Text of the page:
Piercing the corporate veil is a technique by which the courts extend it so it embraces a number of companies. It is the enterprise entity that the courts focus their attention on. Generally the veil is extended in the case of several companies. The provision in s227 Companies Act 1986 is the most prominent example of the legislation relating to the economic entity theory. It is evident that the courts have started to adopt this principle and in some cases have taken this approach to a group of companies, without attributing too much importance to the separate entities of its various components.
When the court is satisfied that the holding company did not have full control over the subsidiary, it did not regard them as one entity. The case of DHN Food Distributors Ltd v London Borough of Tower Hamlets7 illustrates this point. DHN was a holding company, which ran its business through two wholly owned subsidiaries, Bronze and Transport. Bronze owned the premises from which the business was conducted and Transport ran the distribution. Tower Hamlets compulsorily acquired the premises in Bow for the purpose of building houses under the Housing Act 1957.
Compensation was payable to DHN under the Land Compensation Act 1961. For the value of the land Tower Hamlets were prepared to pay i?? 360,000 however refused to pay DHN for disturbance of the their business as they had no interest in the land. The loss of the premises caused all three companies to go into liquidation. Lord Denning stated that there was a tendency to ignore the separate legal entities of the various companies within a group and more regard should be given to the economic framework of the group as whole.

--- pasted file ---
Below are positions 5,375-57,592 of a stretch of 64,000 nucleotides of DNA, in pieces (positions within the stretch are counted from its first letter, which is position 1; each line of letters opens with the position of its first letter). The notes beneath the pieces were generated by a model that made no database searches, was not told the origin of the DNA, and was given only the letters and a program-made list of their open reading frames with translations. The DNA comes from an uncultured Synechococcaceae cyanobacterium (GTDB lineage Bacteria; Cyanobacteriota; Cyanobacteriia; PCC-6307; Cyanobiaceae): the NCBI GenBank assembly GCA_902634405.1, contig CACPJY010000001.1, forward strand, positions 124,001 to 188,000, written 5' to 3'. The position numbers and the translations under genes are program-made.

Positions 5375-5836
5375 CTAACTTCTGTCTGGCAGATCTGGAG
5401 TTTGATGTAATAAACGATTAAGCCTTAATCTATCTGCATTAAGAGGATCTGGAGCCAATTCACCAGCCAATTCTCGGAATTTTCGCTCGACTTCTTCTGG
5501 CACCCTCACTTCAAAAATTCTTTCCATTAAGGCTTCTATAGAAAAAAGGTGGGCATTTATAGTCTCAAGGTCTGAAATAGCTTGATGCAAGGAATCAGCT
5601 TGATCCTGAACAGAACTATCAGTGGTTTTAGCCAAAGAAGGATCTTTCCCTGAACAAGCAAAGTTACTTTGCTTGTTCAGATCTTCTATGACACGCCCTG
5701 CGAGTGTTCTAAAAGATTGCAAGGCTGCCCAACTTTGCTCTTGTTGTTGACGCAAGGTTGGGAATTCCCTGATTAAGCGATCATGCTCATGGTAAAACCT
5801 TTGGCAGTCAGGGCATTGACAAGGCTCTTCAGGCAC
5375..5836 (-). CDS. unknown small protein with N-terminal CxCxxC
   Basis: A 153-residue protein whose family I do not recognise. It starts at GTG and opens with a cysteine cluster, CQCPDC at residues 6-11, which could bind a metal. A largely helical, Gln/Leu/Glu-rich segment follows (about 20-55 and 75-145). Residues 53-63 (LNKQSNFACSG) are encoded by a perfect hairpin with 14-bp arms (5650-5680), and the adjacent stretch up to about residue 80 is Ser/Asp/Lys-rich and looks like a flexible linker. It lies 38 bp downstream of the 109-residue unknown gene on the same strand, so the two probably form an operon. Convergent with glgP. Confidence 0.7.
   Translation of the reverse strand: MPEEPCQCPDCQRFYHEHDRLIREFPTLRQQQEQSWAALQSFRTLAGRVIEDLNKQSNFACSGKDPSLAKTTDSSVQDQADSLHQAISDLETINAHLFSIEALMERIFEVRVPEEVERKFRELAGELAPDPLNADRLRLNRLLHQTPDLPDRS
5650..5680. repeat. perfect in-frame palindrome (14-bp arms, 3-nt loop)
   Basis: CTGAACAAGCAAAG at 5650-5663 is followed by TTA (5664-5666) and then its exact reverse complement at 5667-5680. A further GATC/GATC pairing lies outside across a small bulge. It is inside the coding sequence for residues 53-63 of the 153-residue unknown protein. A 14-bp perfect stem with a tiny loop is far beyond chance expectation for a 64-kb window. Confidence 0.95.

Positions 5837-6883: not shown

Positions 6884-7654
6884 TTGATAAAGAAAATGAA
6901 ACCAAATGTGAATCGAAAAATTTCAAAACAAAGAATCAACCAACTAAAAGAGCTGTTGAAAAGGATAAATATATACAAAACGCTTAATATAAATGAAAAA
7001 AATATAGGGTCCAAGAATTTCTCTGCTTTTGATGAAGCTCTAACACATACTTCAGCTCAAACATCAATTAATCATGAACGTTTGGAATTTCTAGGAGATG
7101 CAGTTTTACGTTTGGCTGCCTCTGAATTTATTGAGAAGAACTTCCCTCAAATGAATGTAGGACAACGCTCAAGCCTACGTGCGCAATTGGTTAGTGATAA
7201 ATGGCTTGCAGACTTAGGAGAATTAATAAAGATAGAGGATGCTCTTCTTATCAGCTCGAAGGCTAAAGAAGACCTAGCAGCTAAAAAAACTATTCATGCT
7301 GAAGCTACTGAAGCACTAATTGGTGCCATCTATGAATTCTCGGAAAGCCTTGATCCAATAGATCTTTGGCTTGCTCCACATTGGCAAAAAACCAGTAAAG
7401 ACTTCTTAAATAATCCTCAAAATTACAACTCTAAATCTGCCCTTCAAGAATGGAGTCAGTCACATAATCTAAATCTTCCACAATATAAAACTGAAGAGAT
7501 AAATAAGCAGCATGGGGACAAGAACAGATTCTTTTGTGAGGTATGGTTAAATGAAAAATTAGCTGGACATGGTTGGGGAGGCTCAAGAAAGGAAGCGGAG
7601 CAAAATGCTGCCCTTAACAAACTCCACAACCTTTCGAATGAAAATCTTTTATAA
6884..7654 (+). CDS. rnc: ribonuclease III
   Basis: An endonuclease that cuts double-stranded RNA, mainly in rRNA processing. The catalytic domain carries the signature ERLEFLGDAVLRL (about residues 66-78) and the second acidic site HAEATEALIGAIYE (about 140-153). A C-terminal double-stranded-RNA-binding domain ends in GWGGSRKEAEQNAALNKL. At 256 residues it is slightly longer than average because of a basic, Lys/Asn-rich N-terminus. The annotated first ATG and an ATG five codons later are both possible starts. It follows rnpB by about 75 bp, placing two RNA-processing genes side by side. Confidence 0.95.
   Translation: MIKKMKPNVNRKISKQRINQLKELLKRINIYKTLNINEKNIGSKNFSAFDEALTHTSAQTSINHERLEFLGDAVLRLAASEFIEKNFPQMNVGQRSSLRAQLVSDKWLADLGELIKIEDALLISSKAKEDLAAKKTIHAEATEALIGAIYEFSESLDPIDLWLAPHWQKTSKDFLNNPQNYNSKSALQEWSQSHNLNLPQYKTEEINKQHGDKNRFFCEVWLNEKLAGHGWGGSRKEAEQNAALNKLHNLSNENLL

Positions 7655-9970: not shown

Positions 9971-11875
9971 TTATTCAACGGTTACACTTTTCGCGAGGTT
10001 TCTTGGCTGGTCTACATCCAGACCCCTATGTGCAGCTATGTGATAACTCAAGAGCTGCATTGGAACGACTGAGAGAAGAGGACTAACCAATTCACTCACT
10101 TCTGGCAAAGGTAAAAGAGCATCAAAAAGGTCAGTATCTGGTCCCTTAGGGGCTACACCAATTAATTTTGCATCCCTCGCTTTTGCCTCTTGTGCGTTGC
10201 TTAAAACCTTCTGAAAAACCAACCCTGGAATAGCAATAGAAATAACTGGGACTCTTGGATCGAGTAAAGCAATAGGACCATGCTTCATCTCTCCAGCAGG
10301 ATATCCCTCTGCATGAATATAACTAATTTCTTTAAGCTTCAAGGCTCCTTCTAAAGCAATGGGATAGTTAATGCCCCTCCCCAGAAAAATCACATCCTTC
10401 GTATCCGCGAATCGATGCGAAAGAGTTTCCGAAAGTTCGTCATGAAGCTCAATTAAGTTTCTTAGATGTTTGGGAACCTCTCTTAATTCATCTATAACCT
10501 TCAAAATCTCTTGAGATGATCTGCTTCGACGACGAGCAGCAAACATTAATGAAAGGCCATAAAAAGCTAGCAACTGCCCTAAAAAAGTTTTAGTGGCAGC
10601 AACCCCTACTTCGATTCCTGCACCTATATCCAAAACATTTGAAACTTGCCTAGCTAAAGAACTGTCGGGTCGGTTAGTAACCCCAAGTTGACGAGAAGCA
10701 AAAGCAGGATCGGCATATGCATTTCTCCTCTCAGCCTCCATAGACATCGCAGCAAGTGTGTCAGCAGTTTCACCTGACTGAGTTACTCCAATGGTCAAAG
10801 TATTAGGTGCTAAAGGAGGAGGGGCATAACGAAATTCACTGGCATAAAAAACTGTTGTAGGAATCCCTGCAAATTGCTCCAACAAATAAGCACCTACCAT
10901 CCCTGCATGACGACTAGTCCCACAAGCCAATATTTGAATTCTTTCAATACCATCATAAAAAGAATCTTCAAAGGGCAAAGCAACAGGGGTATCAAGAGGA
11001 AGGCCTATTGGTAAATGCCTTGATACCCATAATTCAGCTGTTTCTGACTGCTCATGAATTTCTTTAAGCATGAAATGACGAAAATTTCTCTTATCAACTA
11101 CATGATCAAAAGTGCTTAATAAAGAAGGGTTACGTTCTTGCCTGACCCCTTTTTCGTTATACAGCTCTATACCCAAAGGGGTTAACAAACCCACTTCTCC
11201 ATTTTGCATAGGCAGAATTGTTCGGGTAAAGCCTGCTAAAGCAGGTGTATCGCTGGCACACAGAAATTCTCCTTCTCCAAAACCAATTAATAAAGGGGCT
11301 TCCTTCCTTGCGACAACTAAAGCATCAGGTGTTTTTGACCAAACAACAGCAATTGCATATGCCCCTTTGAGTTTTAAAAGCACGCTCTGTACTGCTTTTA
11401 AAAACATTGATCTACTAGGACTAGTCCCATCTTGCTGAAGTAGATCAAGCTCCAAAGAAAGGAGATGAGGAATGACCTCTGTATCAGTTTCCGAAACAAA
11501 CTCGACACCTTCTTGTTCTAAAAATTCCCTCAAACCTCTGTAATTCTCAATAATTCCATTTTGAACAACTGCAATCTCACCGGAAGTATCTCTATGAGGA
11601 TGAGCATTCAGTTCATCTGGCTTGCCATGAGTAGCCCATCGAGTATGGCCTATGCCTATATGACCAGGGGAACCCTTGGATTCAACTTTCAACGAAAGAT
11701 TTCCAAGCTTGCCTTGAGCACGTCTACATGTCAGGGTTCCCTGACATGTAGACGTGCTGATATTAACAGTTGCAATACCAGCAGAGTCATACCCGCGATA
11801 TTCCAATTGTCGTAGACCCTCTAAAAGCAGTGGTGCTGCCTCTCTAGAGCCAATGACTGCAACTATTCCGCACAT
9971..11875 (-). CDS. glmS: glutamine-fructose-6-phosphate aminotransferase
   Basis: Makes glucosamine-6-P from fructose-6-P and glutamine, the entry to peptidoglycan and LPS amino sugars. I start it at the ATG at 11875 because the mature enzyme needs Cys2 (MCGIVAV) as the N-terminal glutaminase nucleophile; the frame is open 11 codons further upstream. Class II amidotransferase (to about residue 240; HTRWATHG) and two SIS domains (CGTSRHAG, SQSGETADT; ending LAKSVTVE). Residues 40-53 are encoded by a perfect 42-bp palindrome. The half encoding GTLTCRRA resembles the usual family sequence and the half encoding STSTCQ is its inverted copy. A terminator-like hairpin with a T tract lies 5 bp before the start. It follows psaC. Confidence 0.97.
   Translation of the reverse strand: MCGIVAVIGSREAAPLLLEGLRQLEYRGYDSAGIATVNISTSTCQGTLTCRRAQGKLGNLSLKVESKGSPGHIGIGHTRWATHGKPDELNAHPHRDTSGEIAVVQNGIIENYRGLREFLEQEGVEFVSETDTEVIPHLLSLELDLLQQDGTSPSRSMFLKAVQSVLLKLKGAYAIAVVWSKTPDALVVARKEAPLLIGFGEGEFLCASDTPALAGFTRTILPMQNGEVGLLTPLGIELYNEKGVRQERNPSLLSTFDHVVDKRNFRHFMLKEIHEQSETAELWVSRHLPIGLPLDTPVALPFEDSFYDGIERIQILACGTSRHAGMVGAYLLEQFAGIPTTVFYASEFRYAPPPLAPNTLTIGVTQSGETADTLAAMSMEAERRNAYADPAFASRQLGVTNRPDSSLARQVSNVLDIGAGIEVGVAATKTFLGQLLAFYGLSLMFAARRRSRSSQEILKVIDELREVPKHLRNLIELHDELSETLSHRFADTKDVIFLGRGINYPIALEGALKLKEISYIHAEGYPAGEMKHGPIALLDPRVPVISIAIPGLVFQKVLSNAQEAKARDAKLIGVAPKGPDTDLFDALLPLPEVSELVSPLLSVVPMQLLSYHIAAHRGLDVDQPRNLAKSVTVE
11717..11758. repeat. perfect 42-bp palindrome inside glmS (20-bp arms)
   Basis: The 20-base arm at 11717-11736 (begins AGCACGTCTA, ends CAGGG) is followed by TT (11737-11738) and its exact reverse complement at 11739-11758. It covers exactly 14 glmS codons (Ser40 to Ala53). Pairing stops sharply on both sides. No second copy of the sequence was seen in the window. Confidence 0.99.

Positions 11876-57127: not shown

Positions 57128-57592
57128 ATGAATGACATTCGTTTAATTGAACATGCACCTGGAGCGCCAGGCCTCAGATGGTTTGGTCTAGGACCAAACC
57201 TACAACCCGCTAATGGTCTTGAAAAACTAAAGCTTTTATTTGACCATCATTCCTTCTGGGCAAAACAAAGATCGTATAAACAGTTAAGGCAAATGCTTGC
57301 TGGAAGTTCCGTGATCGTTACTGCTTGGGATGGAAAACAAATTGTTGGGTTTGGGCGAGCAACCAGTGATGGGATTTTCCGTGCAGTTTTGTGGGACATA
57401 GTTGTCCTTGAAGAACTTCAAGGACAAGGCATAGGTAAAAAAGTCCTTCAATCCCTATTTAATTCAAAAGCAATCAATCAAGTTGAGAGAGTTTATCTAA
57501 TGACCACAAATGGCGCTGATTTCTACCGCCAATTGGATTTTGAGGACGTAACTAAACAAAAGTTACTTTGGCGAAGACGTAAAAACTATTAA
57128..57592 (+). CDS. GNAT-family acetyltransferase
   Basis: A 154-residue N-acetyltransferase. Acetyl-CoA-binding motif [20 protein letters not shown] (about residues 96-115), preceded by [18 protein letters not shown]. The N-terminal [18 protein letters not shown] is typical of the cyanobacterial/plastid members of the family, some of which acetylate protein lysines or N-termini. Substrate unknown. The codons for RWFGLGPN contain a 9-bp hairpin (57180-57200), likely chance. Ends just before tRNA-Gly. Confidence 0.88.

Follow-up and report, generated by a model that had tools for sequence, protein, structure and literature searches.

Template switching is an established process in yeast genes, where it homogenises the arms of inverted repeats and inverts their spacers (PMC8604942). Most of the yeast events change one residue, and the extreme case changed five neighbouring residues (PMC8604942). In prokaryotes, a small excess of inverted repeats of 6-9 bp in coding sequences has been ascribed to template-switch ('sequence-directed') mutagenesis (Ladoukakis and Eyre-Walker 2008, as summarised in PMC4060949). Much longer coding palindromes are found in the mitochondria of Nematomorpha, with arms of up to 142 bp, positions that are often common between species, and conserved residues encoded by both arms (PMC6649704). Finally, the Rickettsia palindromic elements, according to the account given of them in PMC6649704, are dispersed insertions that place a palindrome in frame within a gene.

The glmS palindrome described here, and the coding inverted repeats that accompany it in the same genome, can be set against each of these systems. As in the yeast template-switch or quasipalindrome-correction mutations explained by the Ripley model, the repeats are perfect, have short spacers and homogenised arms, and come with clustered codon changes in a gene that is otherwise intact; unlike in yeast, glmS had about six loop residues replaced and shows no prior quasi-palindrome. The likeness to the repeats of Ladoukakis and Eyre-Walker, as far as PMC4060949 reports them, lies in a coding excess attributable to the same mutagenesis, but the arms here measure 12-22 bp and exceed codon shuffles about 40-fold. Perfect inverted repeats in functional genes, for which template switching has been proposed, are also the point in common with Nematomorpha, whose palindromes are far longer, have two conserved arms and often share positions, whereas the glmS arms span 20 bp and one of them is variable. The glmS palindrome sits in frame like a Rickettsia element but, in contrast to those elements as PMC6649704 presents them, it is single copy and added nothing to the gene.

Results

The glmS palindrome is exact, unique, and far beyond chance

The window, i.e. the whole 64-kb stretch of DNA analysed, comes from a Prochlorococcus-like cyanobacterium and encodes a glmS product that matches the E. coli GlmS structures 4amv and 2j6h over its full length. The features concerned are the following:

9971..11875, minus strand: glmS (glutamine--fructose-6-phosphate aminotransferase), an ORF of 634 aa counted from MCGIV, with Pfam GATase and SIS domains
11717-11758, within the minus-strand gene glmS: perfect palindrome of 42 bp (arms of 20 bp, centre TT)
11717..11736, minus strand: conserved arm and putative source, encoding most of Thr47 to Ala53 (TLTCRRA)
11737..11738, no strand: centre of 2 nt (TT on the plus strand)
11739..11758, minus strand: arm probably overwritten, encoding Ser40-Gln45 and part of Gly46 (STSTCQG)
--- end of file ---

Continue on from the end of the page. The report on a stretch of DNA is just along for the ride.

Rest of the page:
He emphasised that when a parent company owns all the shares of the subsidiaries, these subsidiaries are bound to the parent company therefore these three companies should, for present purposes, be treated as one. Shaw LJ stated 'why then should this relationship be ignored in a situation in which to do so does not prevent abuse but would on the contrary result in what appears to be a denial of justice'. It cannot be said from this case that there is a general principle of group entity. Much depends upon the circumstances of the case.
Woolfson v Strathclyde Regional Council8 emitted uncertainty over the judgment in DHN as to the whether the Court of Appeal had appropriately applied the principle that it is apt to pierce the veil only where special circumstances exist, indicating that it is a mere facade concealing the true facts. The House of Lords did not follow the ruling in DHN Foods even though the facts were comparable. The ground behind this was that the subsidiaries in Woolfson were operational trading companies and not as in DHN, mere shells. It is evident that the English Courts have come close to adopting the 'single economic unit' approach.
However, both DHN and Woolfson are generally now regarded as having been decided on their own facts and not to be of general application. In Adams v Cape Industries plc,9 the Court of Appeal firmly rejected the 'single economic unit' test, stating that groups were entitled to use the corporate veils to ring fence liabilities (Bromilow, 1998). In Adams, a company in the USA was alleged to be liable for injuries caused by asbestos dust but the US company was insolvent. The plaintiffs therefore sued its UK parent, Cape Industries plc. The claim failed.
The Court of Appeal held that Cape was entitled to the protection of the separate legal personality and limited liability rules. The subsidiary was a separate company, not Capes agent and the group could not be regarded as a single economic unit for this purpose. The court went further and said 'the law will not permit the lifting of the corporate veil because the interest of justice is better served doing so'. It would appear that the courts are prepared to lift the veil in situations where the corporateness has been abused for an unlawful or improper use.